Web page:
"You write me that something beautiful is going to happen to you. I can guess what it is and I agree that it is glorious, though it does take my breath away. Now there are two of you—and by and by there will be three, and the third will be part you and part David and all a miracle. I can see how it makes life worth living, Honora, as nothing else could—nothing else!
"Mummy wouldn't like me to write like this. She doesn't approve of women whose understanding jumps ahead of their experiences. But what is the use of pretending that I don't encompass your miracle? I knew all about it from the beginning of the earth.
"This will mean that you will have to give up your laboratory work with David, I suppose. Will that be a hardship? Or are you glad of the old womanly excuse for passing by the outside things, and will you now settle down to be as fine a mother as you were a chemist? Will you go further, my dear, and make a fuss about your house and go all delicately bedizened after the manner of the professors' nice little wives—go in, I mean, for all the departments of the feminine profession?
"I do hope you'll have a little son, Honora, not so much on your account as on his. During childhood a girl's feet are as light as a boy's bounding over the earth; but when once childhood is over, a man's life seems so much more coherent than a woman's, though it is not really so important. But it takes precisely the experience you are going through to give it its great significance, doesn't it?
"What other career is there for real women, I wonder? What, for example, am I to do, Honora? There at the University I prepared myself for fine work, but I'm trapped here in this silly Silvertree cage. If I had a talent I could make out very well, but I am talentless, and all I do now is to answer the telephone for father and help mummy embroider the towels. They won't let me do anything else. Some one asked me the other day what colors I intended wearing this autumn. I wanted to tell them smoke-of-disappointment, ashes-of-dreams, and dull-as-wash-Monday. But I only said ashes-of-roses. "'Not all of your frocks, surely, Kate,' one of the girls cried. 'All,' I declared; 'street frocks, evening gowns, all.' 'But you mustn't be odd,' my little friend warned. 'Especially as people are a little suspicious that you will be because of your going to a co-educational college.'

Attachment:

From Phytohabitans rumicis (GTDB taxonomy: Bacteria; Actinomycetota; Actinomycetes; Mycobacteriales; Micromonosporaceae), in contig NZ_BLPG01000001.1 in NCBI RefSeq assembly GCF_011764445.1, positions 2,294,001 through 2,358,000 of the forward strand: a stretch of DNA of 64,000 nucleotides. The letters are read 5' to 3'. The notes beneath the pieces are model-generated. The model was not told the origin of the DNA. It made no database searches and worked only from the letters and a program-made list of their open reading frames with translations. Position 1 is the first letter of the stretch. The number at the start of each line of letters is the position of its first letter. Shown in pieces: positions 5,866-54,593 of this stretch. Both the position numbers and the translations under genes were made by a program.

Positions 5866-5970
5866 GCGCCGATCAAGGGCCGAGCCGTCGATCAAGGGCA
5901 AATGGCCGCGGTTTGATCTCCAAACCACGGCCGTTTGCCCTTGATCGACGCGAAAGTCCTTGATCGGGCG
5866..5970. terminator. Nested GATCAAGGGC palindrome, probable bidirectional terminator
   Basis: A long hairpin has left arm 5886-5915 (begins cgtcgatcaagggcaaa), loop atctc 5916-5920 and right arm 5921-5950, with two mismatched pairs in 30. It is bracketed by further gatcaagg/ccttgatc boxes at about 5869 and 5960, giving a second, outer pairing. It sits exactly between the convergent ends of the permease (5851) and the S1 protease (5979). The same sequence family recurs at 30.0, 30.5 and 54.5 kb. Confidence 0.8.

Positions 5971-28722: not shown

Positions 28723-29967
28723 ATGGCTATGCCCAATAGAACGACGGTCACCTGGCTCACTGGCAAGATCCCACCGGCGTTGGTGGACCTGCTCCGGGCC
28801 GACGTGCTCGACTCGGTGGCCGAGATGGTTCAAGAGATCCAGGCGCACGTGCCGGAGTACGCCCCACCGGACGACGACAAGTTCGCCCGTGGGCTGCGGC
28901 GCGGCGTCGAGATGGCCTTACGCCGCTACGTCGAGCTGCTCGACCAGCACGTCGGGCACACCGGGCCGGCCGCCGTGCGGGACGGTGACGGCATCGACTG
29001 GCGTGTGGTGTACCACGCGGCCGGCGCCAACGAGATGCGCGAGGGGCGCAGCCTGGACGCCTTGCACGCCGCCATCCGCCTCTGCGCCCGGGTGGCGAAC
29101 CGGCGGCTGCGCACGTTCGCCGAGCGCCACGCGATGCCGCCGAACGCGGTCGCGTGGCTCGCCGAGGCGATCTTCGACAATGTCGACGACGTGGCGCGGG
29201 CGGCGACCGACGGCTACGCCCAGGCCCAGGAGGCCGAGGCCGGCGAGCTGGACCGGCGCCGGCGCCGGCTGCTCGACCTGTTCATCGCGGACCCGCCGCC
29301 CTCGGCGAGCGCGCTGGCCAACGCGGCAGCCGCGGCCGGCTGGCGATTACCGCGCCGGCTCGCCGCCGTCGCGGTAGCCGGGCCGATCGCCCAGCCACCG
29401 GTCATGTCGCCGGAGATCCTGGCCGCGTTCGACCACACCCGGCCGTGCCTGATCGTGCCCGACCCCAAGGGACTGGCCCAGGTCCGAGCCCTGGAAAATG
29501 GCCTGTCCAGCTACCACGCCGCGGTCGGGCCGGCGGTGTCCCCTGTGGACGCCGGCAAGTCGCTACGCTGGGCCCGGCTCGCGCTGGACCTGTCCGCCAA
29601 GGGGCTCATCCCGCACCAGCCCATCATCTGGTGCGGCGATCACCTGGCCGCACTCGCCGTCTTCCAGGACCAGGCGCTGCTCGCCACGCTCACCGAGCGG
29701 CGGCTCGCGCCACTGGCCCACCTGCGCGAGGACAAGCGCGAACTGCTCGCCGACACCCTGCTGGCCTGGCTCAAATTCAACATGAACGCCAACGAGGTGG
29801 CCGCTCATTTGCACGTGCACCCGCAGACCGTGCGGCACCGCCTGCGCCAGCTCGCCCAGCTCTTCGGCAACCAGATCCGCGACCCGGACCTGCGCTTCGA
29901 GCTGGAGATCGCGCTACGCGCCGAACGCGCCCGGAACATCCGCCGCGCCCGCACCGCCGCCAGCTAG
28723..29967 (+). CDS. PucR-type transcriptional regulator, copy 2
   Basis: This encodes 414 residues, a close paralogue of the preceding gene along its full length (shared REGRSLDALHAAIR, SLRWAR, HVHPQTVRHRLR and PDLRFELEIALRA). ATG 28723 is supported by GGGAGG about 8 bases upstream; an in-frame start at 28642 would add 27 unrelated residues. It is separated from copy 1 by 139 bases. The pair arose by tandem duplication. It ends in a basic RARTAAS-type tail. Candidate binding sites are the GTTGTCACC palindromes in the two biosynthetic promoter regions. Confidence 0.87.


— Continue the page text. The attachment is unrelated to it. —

"I thought it would be so restful here, but it doesn't offer peace so much as shrinkage. Silvertree isn't pastoral—it's merely small town. Of course it is possible to imagine a small town that would be ideal—a community of quiet souls leading the simple life. But we aren't great or quiet souls here, and are just as far from simple as our purses and experience will let us be.
"I dare say that you'll be advising me, as a student of psychology, to stop criticizing and to try to do something for the neighbors here—go in search of their submerged selves. But, honestly, it would require too much paraphernalia in the way of diving-bells and air-pumps.